The ruin caused in Patis by the civil wa r is estimated at 500,000,000 francs by the destruction of houses, and a further loss of 300,000,000 franca by the losa of securities, valuables, objects of art, and furniture burnt. Sixty million franca worth of property has been burnt in the docks and warehouses at "Villette. A newspaper is shortly to be published at Inangahua, near to the .Nelson Grey Valley, where a large number of reef* aie opened and worked. Up to the present time only very small quantities of gold have been obtained. The wealth to be derived from them is yet in perspective. The population is reckoned at about 1,500. Baron Krupp has invented a new canno which will batter down the heaviest ramparts at a distance of nine miles. Immense work3 for the construction of these monsters are being erected. A Mr. Peters, in London, has invented a machine by means of which, ho says, the whole contents of the Bible can be written 22 times in the apace of a square inch. The railway from Golspie to Helmsdale, a distance of 17 miles, has been constructed entirely at the expense of the Duke of Sutherland, who has also given £60,000 towards its further extension. The Senate of the Cambridge University has approved of an agreement to share with Oxford, under certain limitations, the cost of the revision of the English Bible, the copyright to be conveyed to the two Oniversities. A new liquor law has gone into effect in the State of Michigan. For the sale of intoxicating liquors it provides a fine of 25dol. on the first conviction, 50dol. for the second, aud lOOdol. for the third. As further information on the subject of the preservation of honey, and the prevention of it3 candying andjturning white, we give the following directions, from Mrs. Sarah Kennedy, of White Hall, S.O. :— " After the honey is passed from the comb, strain it through a sieve, so as to get out all the wax ; gently boil it, and skim off the whitish foam which rises to the surface, and then the honey will become perfectly clear. The vessel for boiling should be earthen, brass, or tin. The honey should be put in jars when cool, and tightly covered. To keep honey in the comb, select combs free from pollon, pack them edgewise in jars or cans, and pour in a sufficient quantity of the boiled and strained honey (as above) to cover the combs. The jars or cans should be tightly tied over with thick cloth or leather The writer says that these processes have been in use for twenty years with unvarying success.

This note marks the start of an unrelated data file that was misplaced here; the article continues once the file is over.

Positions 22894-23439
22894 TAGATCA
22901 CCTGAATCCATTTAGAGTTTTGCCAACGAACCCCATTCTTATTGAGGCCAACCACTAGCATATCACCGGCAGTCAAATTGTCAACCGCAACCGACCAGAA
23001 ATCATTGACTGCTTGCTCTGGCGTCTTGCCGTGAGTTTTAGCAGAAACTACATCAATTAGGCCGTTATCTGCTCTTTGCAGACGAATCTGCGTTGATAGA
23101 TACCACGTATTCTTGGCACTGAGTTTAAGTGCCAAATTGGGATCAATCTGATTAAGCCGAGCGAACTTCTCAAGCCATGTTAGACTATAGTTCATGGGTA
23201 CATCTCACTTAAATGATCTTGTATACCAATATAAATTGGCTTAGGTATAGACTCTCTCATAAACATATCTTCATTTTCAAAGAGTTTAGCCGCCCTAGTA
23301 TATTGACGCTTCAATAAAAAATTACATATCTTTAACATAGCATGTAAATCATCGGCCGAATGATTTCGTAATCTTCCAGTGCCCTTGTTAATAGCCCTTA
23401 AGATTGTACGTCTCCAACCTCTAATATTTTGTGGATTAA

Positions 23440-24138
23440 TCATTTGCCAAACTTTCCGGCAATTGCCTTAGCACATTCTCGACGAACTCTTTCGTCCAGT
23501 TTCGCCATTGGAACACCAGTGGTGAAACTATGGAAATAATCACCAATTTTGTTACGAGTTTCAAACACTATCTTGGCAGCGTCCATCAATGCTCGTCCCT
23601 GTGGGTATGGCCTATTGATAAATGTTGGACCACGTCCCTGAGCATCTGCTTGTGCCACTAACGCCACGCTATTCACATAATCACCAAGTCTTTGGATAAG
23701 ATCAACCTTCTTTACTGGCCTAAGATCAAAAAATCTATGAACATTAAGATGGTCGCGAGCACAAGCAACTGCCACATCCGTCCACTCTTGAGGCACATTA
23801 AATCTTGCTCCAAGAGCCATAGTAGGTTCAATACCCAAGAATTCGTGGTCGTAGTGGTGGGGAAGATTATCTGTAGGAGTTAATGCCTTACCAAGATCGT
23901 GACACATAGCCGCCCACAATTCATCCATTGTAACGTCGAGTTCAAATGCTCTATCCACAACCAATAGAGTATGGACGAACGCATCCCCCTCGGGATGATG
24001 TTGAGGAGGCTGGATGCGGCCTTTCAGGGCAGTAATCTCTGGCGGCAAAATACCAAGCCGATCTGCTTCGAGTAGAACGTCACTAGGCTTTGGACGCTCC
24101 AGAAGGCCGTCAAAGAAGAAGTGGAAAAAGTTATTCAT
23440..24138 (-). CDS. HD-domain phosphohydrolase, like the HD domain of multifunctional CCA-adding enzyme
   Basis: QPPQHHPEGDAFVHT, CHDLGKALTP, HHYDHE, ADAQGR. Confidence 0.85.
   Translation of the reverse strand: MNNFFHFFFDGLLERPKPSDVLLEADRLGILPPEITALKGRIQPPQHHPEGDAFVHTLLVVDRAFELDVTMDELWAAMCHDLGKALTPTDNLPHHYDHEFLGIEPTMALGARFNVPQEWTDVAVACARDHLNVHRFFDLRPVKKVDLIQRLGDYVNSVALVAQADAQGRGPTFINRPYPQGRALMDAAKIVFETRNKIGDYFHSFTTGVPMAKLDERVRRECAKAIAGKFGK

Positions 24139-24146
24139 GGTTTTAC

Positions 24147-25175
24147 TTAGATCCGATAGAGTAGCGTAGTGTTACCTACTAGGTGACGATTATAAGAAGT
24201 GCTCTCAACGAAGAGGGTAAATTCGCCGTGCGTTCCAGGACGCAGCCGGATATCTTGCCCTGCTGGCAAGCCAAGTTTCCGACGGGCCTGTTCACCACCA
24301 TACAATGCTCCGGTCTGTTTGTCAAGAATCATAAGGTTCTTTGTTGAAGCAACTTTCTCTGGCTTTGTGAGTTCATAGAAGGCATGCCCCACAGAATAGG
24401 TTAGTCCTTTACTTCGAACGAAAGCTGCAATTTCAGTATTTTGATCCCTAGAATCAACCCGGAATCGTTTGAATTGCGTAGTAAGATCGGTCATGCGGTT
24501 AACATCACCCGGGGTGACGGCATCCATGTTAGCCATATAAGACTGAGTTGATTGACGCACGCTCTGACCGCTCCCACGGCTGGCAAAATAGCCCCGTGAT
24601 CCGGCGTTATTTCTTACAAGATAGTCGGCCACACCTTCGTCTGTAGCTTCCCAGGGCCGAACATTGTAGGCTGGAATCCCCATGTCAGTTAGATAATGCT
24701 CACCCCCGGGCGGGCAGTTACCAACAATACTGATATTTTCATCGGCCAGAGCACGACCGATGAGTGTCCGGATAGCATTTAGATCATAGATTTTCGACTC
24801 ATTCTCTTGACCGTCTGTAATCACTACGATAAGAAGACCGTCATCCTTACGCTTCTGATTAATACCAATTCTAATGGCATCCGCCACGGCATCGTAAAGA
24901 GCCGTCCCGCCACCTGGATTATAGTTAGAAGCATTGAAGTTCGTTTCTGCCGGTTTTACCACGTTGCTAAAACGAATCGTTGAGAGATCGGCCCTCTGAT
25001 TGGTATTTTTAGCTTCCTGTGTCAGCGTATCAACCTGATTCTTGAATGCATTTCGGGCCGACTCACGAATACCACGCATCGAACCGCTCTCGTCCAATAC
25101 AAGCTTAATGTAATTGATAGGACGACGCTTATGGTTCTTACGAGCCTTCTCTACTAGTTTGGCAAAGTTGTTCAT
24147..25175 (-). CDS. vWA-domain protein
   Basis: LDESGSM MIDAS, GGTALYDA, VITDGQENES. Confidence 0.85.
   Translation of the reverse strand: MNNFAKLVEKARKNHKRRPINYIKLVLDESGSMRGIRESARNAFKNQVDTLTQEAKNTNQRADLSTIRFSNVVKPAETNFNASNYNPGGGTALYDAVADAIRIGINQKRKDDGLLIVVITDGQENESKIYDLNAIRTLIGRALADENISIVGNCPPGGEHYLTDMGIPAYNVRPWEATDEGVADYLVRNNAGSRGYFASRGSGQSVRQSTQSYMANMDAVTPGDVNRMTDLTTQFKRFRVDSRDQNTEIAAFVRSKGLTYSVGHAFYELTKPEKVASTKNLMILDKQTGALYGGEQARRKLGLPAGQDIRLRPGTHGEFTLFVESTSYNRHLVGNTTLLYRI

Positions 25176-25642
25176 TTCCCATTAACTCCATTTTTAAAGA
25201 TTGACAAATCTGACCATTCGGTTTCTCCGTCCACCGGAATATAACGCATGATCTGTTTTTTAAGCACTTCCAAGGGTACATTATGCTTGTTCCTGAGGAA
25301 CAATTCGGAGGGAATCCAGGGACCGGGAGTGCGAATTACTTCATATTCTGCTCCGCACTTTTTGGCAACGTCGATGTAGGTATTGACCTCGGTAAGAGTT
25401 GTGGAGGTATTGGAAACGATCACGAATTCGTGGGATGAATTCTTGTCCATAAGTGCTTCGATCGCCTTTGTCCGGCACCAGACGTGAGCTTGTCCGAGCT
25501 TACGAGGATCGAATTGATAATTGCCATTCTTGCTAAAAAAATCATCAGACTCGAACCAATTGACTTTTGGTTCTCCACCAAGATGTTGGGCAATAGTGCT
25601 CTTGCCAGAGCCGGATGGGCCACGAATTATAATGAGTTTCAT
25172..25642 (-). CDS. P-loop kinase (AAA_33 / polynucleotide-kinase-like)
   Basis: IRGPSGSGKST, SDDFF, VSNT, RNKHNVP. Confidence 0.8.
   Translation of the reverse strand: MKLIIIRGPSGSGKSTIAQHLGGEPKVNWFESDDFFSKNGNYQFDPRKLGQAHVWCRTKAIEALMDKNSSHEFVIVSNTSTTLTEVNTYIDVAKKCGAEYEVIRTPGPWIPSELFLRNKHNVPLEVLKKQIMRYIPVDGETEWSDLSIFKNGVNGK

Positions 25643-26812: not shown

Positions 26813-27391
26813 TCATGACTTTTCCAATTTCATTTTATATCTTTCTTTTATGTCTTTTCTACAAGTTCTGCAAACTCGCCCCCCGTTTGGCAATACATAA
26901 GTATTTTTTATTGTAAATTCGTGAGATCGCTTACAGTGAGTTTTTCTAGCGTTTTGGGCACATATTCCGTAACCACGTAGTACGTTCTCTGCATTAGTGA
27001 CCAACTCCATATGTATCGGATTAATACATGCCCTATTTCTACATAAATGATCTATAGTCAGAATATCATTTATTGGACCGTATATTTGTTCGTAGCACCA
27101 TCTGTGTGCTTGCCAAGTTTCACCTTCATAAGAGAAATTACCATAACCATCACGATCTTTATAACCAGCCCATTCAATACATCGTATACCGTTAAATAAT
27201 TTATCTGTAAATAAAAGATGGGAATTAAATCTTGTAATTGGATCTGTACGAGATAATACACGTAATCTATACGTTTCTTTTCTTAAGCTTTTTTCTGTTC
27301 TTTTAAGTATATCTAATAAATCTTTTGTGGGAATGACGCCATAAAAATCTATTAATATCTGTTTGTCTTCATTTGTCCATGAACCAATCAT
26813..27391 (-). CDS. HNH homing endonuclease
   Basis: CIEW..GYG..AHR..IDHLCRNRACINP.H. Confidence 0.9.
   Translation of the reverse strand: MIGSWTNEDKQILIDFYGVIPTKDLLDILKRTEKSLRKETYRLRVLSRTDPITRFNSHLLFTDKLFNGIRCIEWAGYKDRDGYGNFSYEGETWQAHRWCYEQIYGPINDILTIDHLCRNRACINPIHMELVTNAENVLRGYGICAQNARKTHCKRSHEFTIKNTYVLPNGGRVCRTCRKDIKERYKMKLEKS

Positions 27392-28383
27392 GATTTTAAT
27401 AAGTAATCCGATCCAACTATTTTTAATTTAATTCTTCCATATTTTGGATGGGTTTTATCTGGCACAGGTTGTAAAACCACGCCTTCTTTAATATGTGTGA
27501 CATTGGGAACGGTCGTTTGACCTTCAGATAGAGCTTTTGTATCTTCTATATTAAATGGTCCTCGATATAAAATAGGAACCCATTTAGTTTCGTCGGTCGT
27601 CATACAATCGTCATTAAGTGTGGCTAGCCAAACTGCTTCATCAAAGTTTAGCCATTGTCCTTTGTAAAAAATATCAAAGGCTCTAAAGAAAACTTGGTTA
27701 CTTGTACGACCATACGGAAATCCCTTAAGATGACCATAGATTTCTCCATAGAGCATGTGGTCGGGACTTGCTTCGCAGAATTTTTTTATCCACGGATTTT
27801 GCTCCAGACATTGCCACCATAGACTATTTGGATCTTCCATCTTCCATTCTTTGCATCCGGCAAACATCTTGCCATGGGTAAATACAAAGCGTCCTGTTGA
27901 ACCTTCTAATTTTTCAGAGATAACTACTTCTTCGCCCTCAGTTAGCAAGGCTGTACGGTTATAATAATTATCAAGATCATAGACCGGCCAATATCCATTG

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Bibliographic details

The Daily Southren Cross., Daily Southern Cross, Volume XXVII, Issue 4374, 22 August 1871

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4,563

The Daily Southren Cross. Daily Southern Cross, Volume XXVII, Issue 4374, 22 August 1871